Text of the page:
Young male bullies are aware of the damage that they cause their victims but carry on to guarantee their own personal gain, according to findings of preliminary research at the University of Sussex.
Developmental psychologists David Smalley and Dr Robin Banerjee presented the findings of their research at the recent annual conference of the British Psychological Society's Developmental Section in Plymouth.
Previous research has shown that bullies tend to be aware of the damage that their behaviour has on their victims. This study investigates why they continue to victimise their peers despite this understanding.
Fifty-five children aged seven to nine were assessed on their social understanding of specific social situations and then scored for bullying/victimisation.
The study found that bullying by both boys and girls could occur despite the fact that they understand the feelings of the person they are bullying. In particular, the results showed that male bullies had a general tendency to focus on their own personal gain in these situations.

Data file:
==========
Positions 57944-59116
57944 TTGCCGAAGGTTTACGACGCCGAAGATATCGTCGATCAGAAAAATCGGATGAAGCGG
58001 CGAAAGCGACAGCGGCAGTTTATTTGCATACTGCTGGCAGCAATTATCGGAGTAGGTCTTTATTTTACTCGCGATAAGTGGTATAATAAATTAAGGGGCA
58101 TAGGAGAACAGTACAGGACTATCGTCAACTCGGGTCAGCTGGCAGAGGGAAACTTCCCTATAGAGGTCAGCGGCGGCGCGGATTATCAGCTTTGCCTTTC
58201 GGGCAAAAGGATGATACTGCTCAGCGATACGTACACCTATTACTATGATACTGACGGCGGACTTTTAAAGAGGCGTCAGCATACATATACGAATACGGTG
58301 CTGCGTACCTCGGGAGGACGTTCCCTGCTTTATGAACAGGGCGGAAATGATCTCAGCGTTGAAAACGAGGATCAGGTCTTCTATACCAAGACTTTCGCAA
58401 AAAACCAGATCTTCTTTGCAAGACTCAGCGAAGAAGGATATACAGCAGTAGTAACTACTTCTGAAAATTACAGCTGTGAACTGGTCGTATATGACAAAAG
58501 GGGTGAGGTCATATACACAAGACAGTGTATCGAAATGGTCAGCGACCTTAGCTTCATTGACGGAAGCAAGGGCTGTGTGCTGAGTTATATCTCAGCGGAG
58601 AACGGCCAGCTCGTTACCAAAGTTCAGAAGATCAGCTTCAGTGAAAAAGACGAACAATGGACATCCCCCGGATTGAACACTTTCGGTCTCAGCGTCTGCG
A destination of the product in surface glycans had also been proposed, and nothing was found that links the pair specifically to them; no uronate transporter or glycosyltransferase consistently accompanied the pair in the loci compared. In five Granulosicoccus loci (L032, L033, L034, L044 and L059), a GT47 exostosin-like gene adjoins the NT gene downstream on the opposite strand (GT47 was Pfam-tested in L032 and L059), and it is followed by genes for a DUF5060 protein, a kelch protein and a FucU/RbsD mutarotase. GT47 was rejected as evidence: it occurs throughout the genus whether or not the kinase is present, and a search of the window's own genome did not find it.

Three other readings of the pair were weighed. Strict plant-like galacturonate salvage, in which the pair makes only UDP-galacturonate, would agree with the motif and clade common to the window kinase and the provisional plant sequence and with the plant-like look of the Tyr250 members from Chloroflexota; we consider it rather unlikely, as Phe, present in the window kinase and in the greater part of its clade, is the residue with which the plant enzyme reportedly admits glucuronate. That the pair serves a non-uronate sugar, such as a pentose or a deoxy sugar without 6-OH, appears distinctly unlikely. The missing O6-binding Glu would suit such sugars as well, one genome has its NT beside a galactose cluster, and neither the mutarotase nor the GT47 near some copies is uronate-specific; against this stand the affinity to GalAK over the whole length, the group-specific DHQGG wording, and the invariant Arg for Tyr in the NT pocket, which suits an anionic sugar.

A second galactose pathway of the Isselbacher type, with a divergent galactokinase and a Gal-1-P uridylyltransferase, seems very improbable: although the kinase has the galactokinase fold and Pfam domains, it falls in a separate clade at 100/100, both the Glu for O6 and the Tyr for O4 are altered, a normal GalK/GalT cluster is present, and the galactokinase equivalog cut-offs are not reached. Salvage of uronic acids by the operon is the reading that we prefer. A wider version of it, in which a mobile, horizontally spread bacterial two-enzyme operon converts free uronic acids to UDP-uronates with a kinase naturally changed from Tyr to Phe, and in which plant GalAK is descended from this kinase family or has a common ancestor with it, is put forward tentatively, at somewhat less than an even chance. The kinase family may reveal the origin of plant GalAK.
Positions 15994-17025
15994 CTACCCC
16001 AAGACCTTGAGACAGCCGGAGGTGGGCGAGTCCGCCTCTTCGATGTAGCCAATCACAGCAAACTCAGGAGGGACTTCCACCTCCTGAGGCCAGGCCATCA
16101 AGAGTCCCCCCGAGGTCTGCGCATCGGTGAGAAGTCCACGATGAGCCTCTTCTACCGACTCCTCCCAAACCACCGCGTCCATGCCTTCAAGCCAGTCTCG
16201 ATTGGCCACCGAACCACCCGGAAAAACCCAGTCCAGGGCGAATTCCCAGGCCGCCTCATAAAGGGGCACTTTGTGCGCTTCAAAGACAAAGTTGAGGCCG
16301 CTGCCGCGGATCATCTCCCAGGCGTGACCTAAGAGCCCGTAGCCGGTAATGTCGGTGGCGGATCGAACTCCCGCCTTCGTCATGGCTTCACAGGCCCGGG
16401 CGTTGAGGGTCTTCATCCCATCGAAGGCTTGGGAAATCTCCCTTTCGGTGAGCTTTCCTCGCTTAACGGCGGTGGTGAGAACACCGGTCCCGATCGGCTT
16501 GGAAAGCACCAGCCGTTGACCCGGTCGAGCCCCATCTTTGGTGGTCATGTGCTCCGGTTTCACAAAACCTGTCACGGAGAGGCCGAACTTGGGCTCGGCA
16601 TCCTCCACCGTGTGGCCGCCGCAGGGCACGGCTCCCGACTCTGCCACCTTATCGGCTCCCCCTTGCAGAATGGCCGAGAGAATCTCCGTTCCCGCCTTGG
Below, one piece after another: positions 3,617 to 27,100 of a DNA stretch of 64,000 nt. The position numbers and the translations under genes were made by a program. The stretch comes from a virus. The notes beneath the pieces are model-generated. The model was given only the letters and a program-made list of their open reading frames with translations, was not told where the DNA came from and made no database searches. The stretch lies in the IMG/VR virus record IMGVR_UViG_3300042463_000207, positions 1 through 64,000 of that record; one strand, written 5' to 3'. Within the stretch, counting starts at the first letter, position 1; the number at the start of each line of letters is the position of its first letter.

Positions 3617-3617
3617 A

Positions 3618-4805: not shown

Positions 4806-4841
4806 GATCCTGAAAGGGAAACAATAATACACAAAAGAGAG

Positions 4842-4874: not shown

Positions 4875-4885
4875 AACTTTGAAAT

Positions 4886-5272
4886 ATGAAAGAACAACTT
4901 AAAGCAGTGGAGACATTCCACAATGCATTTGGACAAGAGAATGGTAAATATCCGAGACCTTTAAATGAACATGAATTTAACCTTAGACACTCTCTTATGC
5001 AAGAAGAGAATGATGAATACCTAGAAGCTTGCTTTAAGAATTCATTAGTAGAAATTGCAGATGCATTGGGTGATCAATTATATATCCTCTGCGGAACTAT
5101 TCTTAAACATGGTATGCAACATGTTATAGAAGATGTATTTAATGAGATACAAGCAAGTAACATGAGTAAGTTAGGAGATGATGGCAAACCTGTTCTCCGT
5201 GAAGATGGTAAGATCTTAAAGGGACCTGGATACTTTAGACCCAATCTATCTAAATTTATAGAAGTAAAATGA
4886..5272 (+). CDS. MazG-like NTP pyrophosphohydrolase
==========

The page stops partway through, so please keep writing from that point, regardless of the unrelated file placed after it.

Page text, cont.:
Mr Smalley says: "Previous research has found that bullies may have mature social understanding and therefore know the upset and damage that they cause to their victims. We are now investigating why they continue with this behaviour.
"Findings of this preliminary research suggest that bullies may have different goals in social situations compared with other children, focusing especially on self-gain.
"By studying the way bullies reconcile their awareness of the harm they do, we hope to be able to help anti-bullying initiatives understand this behaviour - and benefit bullies and victims alike."
Source: University of Sussex
Explore further: Shift to gay, lesbian, bisexual identities in early adulthood tied to depressive symptoms